After an Oakland bicyclist, Kim Flint, was killed last month while racing downhill in Berkeley’s Tilden Park, some of Flint’s fellow cyclists speculated publicly about the risk-encouraging influence of computer social networks—specifically Strava, which had counted Flint among its members.
The Berkeleyside blog reported earlier this week:
While some cyclists say Flint’s death was just an accident that could happen to anyone, others believe his involvement with an online social network called Strava was a major cause. Strava, a Palo Alto company founded in April 2009, lets bicyclists upload ride data gathered from GPS units onto a central website. Riders can then see how far they traveled, how high they climbed, and how fast they went. They can also look at the times of other bikers so to “compare and compete with friends and rivals,” according to the company’s website.
The Berkeleyside post added that Flint “had briefly held a ‘KOM’ or ‘King of the Mountain’ designation for this steep stretch of road and was trying to get it back, according to those who knew him.”
The account of the tragedy sparked my own curiosity about Strava. The name was unfamiliar, and the Strava website provides no explanation. The word reminded me of strada, Italian for “road.”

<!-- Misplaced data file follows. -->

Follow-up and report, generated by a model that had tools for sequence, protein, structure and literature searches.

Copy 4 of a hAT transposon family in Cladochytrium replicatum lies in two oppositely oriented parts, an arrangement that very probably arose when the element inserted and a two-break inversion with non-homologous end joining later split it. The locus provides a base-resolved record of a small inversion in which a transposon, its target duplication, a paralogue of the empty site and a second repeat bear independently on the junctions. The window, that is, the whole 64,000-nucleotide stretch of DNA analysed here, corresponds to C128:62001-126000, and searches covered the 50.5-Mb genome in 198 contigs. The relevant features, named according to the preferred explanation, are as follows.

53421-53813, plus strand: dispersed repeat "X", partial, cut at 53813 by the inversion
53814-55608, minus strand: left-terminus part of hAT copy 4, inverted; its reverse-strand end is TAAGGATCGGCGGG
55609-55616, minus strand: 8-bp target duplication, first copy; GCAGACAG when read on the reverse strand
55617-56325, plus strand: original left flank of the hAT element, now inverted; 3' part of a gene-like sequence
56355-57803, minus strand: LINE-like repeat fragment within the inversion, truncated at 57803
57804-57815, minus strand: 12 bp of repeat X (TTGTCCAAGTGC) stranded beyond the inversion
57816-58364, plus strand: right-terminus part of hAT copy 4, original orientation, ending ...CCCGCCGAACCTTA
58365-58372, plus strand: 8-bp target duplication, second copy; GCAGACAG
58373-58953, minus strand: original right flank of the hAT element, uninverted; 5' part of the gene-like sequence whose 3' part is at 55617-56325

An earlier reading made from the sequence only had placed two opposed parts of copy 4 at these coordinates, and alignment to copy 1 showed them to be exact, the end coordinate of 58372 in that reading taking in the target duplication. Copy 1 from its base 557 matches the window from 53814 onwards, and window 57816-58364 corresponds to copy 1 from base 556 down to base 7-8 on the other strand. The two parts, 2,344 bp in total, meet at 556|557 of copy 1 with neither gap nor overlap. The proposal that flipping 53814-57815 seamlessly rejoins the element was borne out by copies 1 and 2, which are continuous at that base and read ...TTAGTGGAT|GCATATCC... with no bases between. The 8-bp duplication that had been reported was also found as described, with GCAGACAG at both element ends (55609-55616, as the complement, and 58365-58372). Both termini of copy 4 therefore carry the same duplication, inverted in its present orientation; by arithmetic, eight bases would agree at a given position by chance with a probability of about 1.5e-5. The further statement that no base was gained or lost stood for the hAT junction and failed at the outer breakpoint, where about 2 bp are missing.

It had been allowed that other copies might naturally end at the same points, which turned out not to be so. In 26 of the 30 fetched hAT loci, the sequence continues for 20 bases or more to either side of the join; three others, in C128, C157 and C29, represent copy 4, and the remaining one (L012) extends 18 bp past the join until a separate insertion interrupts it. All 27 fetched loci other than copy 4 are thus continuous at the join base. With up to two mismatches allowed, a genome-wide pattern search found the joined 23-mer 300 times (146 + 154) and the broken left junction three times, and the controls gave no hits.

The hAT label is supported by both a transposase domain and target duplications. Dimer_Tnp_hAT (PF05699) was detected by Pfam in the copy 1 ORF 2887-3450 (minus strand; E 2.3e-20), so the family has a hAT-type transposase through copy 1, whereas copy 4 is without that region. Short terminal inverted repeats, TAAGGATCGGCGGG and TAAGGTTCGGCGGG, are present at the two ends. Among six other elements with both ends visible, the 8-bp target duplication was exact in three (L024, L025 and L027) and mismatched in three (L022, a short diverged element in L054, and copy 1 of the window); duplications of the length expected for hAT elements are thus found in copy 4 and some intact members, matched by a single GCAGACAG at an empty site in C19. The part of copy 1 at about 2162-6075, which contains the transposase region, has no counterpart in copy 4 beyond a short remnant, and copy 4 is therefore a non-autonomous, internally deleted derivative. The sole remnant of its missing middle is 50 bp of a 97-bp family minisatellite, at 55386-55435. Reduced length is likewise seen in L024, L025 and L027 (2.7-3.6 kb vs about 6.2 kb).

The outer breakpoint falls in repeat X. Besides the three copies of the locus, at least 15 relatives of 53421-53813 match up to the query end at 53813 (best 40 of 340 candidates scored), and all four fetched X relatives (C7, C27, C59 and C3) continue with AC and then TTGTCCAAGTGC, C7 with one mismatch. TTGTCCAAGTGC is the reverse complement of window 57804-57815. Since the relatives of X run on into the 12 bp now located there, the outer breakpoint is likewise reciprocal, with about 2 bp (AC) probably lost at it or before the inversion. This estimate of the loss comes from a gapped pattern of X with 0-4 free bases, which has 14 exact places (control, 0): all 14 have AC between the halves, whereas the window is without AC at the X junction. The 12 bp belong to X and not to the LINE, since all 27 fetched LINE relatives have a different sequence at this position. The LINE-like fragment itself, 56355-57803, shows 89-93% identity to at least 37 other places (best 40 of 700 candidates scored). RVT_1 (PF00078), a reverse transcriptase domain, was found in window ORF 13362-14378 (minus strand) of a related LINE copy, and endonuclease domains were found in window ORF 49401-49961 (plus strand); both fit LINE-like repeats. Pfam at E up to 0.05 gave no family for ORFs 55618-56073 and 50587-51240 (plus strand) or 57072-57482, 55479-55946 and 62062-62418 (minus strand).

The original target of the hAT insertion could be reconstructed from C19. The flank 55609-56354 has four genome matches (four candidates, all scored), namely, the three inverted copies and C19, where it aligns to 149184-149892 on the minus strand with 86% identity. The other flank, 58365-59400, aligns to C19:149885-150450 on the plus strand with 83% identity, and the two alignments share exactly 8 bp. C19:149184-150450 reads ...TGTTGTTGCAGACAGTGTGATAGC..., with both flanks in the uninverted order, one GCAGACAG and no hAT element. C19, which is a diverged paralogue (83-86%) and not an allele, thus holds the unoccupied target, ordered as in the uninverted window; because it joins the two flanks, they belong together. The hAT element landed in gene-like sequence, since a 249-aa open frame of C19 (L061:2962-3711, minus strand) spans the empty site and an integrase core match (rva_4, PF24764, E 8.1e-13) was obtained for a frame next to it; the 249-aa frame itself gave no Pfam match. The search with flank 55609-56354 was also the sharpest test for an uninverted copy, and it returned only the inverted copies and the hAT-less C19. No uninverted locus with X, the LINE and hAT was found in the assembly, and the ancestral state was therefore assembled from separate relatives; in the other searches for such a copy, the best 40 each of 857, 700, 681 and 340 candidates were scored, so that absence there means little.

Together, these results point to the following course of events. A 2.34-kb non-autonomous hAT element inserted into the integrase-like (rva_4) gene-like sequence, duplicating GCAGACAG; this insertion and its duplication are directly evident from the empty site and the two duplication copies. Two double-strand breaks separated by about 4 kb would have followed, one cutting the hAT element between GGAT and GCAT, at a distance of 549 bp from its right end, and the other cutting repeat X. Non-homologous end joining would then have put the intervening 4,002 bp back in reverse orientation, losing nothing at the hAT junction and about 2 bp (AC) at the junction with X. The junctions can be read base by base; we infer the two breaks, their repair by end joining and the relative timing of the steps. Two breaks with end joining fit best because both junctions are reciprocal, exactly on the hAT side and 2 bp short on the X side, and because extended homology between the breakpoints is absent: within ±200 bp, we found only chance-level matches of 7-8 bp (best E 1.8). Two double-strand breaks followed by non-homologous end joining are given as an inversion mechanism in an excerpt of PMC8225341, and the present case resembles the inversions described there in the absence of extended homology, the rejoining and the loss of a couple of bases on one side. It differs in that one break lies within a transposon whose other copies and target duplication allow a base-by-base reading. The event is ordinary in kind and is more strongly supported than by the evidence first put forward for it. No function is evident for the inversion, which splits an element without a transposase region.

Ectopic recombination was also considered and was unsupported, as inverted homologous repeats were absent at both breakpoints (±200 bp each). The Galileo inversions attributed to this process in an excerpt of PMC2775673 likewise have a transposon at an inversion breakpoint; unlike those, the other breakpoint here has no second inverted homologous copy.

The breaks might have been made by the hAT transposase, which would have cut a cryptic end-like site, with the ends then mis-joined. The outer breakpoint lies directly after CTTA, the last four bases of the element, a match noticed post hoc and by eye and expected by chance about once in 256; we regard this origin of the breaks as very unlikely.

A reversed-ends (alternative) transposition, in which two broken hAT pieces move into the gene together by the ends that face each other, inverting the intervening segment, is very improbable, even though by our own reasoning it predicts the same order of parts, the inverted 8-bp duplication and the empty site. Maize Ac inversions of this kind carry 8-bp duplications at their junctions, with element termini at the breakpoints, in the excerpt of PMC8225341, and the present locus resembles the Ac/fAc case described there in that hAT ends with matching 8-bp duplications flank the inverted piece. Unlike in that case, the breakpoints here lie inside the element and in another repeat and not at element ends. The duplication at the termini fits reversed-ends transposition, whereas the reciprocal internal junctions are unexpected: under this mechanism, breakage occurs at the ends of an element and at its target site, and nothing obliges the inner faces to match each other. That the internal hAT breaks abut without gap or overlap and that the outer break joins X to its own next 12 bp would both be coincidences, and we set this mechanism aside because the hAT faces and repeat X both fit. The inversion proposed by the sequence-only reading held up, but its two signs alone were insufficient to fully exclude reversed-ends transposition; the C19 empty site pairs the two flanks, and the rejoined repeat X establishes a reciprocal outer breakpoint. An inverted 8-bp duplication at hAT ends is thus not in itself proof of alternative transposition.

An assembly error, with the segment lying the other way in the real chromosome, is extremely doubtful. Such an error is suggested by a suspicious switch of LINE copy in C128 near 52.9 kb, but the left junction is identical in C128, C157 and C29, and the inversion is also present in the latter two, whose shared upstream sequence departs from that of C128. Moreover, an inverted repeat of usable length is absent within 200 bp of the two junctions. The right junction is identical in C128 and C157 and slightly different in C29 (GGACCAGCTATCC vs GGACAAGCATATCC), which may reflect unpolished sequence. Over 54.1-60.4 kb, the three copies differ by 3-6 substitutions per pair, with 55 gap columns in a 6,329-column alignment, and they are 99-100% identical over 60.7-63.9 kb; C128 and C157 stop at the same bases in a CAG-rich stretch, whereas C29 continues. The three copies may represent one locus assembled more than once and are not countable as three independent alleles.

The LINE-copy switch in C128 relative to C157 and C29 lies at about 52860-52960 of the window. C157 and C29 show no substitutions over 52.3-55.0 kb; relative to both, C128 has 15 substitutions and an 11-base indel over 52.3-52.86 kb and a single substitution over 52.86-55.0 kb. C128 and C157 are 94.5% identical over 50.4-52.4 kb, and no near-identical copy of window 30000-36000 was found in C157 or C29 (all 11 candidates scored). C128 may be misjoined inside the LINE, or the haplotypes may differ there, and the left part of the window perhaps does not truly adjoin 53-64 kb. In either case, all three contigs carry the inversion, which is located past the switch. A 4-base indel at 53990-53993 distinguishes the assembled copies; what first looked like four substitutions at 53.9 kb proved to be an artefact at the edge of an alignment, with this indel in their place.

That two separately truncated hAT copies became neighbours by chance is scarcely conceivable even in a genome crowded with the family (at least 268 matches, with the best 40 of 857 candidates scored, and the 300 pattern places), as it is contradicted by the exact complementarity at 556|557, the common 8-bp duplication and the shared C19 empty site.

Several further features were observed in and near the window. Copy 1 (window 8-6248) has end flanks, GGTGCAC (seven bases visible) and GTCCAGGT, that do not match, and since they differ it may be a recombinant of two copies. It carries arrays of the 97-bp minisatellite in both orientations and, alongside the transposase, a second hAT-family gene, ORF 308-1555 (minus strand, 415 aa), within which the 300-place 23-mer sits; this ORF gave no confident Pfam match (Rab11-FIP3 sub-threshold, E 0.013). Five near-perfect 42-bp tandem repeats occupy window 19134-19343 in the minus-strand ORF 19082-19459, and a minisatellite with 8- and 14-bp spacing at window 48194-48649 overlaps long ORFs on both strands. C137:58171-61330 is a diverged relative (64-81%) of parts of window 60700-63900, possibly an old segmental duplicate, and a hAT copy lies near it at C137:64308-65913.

A red herring, as it turned out.
I found my answer on the translation site Bab.la. The word means “aim” or “strive” (noun and verb) in Swedish; the correct spelling is, in fact, sträva. I later confirmed the name history in an email exchange with Davis Kitchel of Strava.
Still a mystery: why Strava didn’t retain the umlaut. As everyone knows (because The Onion told us so), nothing says “bad-assed and scary in a heavy-metal manner” like an umlaut or two. (Hat tip: Mr. Verb.)
UPDATE: Reader Mima Dedaic shares this in an email: “Strava means 'terror' in my native Croatian, and perhaps in other Slavic languages. It seems closer to the intended meaning.”